Big Video Amp

High frequency, antennas

Big Video Amp

Postby Doug Coulter » Mon Jun 19, 2017 1:55 pm

So, kind of close to RF. Returning to attempt reuse of some hardware I built long ago to drive a Tesla coil, as I want a big, hard-to-fry, high bandwidth signal source to play some games with bunching, gradients, and recirculation in the fusor. Didn't seem to me like a new build in solid state stuff would be as robust, and would surely require more step-up turns ratio than this old thing (1kv or so plate supply). This uses a modification on an already odd grounded grid amateur radio linear amplifier. In this case, I'd ungrounded just the control grid, and grounded the cathodes of the tubes instead (the usual small anti-parasitic R's are there of course; I think of them as fuses at these speeds and feeds.).
The result has a rather amazing plate current vs grid bias curve, or at least, I've never seen anything quite like this before. In doing a little curve plotting, it was rock stable and never hinted at oscillating, even though the plates output lead does go under-chassis with the grid stuff. Bill and I didn't run this up to high power where there'd be big dissipation, we just wanted to find the lower end of the curve on this, so I could design a driver to go between an arbitrary waveform generator and this thing (which in turn will drive a homebrew wideband stepup transformer to the main grid, with separate DC bias for the grid via the secondary winding).

Having built this oh, 40 years or so ago..there was a bit of trepidation firing it up again, and it looked like I used good parts for the time, but was also in a hurry...at least I used a copper foil ground plane around the tube sockets. As luck would have it...it all flew. Looks like this under the chassis. There is an adjustable supply to the left to run the curves with, and various meters out of picture on the right to get the data.
100_3163.JPG
Ugly, I'll clean this up a little.


And that data, again not to full power or even close, created this unusual curve - I didn't plot every point once I realized we got to straight line land.
BiasCurve.png
1ma at -16.5 volt cut off. Wow.


Wow! I can drive this with modern fast opamps! I bought ADEL 2020's, one per tube as the input C is kind of high for one opamp to do them all. I don't think I'll need more than 20 MHz.
I can DC couple this all the way to the output if I want to and am careful. The supply is around 1kV at around 1 amp continuous, but will do a LOT more (Navy destroyer radio supply stuff) for awhile, and the tubes peak at around 1.1 amps - each - cathode current, and will easily take 10kv or so peaks on the plates.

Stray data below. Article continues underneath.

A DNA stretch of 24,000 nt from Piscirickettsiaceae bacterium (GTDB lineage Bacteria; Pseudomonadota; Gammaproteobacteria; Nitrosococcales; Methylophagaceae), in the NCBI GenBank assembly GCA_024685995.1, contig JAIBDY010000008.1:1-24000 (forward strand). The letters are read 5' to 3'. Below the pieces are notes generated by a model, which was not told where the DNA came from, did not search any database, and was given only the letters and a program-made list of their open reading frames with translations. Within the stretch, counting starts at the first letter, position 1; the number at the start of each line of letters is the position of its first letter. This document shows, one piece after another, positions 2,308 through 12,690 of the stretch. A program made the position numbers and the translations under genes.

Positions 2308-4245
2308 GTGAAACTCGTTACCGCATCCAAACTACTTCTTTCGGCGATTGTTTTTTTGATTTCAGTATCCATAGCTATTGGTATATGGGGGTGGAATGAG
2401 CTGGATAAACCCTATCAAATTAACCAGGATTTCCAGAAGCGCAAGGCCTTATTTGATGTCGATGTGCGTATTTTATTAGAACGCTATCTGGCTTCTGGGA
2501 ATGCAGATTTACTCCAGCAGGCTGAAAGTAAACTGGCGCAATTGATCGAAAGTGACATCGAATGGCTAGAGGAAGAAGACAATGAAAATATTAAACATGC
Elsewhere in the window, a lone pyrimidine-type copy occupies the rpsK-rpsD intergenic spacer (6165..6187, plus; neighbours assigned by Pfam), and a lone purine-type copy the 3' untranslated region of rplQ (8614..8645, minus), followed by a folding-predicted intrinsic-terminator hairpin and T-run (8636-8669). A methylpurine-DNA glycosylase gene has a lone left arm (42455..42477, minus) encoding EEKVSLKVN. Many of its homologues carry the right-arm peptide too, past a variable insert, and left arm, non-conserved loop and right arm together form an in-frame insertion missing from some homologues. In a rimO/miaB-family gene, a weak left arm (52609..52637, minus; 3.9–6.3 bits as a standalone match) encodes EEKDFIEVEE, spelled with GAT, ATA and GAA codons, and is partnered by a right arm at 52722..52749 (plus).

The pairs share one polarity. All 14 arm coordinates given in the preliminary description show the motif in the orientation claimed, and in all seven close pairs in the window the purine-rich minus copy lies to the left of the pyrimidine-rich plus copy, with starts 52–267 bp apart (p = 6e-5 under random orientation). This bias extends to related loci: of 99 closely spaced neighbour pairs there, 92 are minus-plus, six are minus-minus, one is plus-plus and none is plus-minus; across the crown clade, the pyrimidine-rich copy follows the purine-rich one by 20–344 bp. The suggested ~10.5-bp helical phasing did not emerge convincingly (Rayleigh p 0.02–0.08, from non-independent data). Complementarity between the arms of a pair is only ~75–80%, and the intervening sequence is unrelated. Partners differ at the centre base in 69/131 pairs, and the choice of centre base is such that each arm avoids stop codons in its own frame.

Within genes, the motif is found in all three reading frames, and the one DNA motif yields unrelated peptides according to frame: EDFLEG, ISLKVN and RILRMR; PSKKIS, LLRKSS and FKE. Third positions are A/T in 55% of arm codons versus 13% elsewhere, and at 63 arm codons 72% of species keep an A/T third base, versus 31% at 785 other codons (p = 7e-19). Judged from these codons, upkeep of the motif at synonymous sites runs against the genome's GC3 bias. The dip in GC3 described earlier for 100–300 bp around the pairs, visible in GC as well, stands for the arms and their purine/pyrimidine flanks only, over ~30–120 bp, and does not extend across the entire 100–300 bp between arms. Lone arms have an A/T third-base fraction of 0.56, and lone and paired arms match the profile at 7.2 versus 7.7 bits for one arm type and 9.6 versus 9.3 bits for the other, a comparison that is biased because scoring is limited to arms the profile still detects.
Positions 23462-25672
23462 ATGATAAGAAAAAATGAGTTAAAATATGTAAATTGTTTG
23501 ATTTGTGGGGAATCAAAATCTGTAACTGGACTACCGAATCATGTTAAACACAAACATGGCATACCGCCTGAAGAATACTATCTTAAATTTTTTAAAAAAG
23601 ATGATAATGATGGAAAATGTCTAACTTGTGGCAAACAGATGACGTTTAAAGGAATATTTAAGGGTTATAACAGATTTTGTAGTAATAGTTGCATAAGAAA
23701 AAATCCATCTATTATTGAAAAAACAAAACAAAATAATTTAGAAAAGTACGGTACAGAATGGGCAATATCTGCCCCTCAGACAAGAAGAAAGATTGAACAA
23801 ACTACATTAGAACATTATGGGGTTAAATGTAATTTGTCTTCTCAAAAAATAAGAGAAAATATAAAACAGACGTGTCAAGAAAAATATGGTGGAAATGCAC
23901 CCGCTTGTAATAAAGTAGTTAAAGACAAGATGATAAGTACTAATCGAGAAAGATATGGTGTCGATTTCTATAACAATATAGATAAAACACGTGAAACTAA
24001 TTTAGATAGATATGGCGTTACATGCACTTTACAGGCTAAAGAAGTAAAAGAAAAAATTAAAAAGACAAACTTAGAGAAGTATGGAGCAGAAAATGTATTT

This is why I resisted all the comments I should use some crappy old skool ham amp tubes. The're not even close to this kind of (well, ICAS) performance - opamps vs 100w driver, I'm in!
Here's what was in the box, more or less.
6kd6box.gif
traced schematic

I don't guess I'll need the bias supply, but I will beef up the half-wave rectified +/- 28v supplies (from spare filament windings) to run the opamps, so making that power supply and figuring out how to fit that in are next. Also, for reasons that will be obvious to anyone with some experience here, I want to move the plate connections fully above-chassis and make a new bottom plate to shield the input side of things.

And people on the web are hitting on my "why isn't this done yesterday"...yeah, I know you guys (members) know this isn't something you do before breakfast after writing remote control code and sysadmin-ing replicated databases for the rest of this.

This one has the potential to make a lot of pretty expensive smoke. That's one thing when you can be there in the room with it and slap the off switch at the first sign of trouble, before the tubes get "bent" or transformers stink. It's quite another when you hope you notice something is wrong in time over a time-lagged video feed that is one of many at the operating position.
So, this stuff is slower to do than it might be otherwise.
Posting as just me, not as the forum owner. Everything I say is "in my opinion" and YMMV -- which should go for everyone without saying.
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Re: Big Video Amp

Postby Doug Coulter » Mon Jun 19, 2017 2:09 pm

For those with fewer data sheet resources, the 6kd6 is the largest ever horizontal sweep tube made, just before we went away from big CRT televisions.